Contributed by Cybele Locke
In May, Māori Postdoctoral Fellow Arini Loader and Professor Charlotte Macdonald brought together an outstanding group of scholars for a symposium entitled ‘Fast History, Slow Reading: he pukapuka tataku tenei’ to consider the lives of historical texts and their interpretation. The symposium was supported by the New Zealand India Research Institute, directed by Sekhar Bandyopadhyay, and opened by Paul Meredith on behalf of the Office of the Pro Vice-Chancellor (Māori). Arini Loader has been appointed lecturer in Māori history, beginning in 2015, where she joins recently appointed Catherine Abou-Nemeh, Valerie Wallace and Cybèle Locke. Catherine offers courses in Early Modern History, with a speciality in Early Modern Science. Valerie teaches on British radicals and revolutionaries, with a special topic in ‘Contesting Colonialism: The British Empire and the Settler Colonies’. Catherine and Valerie have also been coordinating a research-in-progress Early Modern Workshop for postgraduates and staff from a range of disciplines. Cybèle teaches courses on Māori and Pākehā in the nineteenth-century world and an oral history course, ‘Working Lives in New Zealand’. She continues to find oral history interviews and abstracts the most pleasurable and stimulating marking she has ever done.
Sekhar Bandyopadhyay has been awarded the ‘Rabindra-smriti Puraskar’ (Rabindranath Tagore Prize) for his book Decolonization in South Asia: Meanings of Freedom in Post-independence West Bengal, 1947-52 (London: Routledge, 2009/Hyderabad: Orient BlackSwan, 2012). Named after the Indian Nobel Laureate poet Rabindranath Tagore, it is a prestigious literary award in India, given by the State Government of West Bengal. Simone Gigliotti became the Chairperson of the Holocaust Centre of New Zealand in October 2013 and has been busy guest editing for the Journal of Genocide Research, Vol. 16, no. 4 and with Giacomo Lichtner, Maartje Abbenhuis, and Mark Seymour on “Faultlines: Cohesion and Division in Modern Europe” for the Australian Journal of Politics and History, Vol. 60, no. 3. Simone also coedited Ethics, Art and Representations of the Holocaust: Essays in honor of Berel Lang (Lanham, MD: Lexington Books) with Jacob Golomb and Caroline Steinberg Gould. Alexander Maxwell saw the publication of his book Patriots Against Fashion: European Sartorial Nationalism in Europe’s Age of Revolutions with Palgrave this year and he organised a symposium ‘Ukraine: Historic Legacies’ with the Antipodean East European Study Group, in September.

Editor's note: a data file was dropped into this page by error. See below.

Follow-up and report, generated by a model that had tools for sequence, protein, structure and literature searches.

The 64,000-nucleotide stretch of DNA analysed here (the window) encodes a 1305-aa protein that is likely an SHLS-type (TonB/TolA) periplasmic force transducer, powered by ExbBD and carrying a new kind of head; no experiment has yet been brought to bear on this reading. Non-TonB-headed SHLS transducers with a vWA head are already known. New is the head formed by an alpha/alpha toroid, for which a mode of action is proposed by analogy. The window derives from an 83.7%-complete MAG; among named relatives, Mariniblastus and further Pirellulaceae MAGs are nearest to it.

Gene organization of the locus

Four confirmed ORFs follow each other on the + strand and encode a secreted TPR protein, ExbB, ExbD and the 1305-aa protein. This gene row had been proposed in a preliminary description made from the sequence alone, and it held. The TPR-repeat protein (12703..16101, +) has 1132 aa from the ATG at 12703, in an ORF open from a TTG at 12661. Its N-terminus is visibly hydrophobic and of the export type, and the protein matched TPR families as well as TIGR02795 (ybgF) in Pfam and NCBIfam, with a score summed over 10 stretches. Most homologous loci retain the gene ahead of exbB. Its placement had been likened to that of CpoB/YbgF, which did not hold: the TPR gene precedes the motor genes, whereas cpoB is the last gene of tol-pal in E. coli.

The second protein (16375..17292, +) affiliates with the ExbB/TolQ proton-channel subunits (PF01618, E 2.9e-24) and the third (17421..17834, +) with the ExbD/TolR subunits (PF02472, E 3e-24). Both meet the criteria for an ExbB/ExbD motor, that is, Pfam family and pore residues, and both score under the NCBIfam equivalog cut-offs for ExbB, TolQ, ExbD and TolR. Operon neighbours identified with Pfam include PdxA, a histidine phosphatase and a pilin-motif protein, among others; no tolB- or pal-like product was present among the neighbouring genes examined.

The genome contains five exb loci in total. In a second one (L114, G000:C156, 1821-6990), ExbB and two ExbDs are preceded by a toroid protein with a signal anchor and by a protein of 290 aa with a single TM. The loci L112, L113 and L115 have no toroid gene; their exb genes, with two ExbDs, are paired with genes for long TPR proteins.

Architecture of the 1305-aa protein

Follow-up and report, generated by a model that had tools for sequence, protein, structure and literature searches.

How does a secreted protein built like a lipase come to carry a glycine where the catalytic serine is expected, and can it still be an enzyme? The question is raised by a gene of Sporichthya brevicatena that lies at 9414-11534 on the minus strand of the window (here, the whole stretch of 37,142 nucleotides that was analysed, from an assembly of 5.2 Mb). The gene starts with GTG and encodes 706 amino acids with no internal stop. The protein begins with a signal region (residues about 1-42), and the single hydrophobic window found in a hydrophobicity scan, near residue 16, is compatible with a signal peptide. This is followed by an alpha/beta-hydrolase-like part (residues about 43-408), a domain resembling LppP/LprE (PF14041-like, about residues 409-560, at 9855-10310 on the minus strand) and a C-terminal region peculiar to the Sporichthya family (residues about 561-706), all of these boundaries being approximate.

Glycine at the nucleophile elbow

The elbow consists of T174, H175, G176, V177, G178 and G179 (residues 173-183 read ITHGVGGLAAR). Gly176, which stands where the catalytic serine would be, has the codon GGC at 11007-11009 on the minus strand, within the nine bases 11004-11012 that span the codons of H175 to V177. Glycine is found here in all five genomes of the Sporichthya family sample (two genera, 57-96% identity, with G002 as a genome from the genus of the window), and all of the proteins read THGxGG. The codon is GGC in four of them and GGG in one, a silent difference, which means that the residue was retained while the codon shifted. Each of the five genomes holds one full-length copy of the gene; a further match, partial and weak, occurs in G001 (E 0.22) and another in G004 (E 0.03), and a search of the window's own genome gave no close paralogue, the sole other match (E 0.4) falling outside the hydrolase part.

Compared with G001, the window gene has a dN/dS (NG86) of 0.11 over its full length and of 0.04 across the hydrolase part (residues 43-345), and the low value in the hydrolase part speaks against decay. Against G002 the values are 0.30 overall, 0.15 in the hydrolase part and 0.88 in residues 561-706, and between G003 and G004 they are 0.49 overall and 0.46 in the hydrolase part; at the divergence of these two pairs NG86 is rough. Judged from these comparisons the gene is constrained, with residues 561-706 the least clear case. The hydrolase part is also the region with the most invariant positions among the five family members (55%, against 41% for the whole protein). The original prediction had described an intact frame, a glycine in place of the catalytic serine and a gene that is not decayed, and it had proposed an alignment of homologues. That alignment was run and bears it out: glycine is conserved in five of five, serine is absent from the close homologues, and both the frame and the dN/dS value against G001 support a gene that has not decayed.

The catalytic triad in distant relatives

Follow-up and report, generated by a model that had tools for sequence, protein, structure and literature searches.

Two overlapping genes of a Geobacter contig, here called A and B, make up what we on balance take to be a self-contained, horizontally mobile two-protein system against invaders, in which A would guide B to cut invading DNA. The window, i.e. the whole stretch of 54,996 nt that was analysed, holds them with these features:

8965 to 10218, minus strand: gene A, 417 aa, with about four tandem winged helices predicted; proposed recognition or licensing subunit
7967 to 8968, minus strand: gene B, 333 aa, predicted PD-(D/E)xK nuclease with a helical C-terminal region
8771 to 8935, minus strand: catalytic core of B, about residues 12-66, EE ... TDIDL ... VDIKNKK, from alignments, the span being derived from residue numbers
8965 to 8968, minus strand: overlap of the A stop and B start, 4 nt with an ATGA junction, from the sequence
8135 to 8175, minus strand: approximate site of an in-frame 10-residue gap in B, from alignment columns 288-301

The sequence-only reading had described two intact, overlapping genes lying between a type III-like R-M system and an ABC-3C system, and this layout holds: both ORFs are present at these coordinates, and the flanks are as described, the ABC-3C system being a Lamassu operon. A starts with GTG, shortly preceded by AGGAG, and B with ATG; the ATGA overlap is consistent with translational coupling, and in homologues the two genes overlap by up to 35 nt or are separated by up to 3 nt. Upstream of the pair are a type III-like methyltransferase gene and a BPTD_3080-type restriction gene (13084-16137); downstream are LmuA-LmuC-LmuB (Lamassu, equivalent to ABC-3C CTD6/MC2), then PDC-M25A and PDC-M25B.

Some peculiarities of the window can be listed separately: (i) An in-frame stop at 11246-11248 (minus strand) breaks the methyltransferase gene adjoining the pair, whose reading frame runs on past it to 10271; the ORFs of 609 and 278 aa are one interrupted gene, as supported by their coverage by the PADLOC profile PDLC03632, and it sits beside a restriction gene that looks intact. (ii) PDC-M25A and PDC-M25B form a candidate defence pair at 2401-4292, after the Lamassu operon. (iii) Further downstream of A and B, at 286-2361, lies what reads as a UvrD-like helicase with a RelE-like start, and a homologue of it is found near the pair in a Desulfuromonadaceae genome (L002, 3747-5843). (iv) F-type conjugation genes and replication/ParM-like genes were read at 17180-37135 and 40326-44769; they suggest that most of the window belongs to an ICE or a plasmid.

Kate Hunter (Head of Programme) and Kirstie Ross (Modern Curator New Zealand at Te Papa) recently published Holding on to Home: Stories and Objects of the First World War, with Te Papa Press. And keeping in theme, Jim McAloon gave the Nelson Historical Society James Jenkins memorial lecture on ‘Nelson and the First World War’. Steve Behrendt is finishing up Liverpool, the Slave Trade, and Atlantic History with Hopkins PhD student Nick Radburn for Liverpool University Press. Adrian Muckle has facilitated another inspiring year of the History Programme Seminar Series, which included talks by our Otago colleagues Takashi Shogimen and Mark Seymour. Dolores Janiewski was away on leave for the first part of this year, presenting at the European Social Science History Conference in Vienna and at the National Archives in Washington DC. Charlotte Macdonald and Giacomo Lichtner are currently on research leave and it would not be fair to make them account for their activities until they return.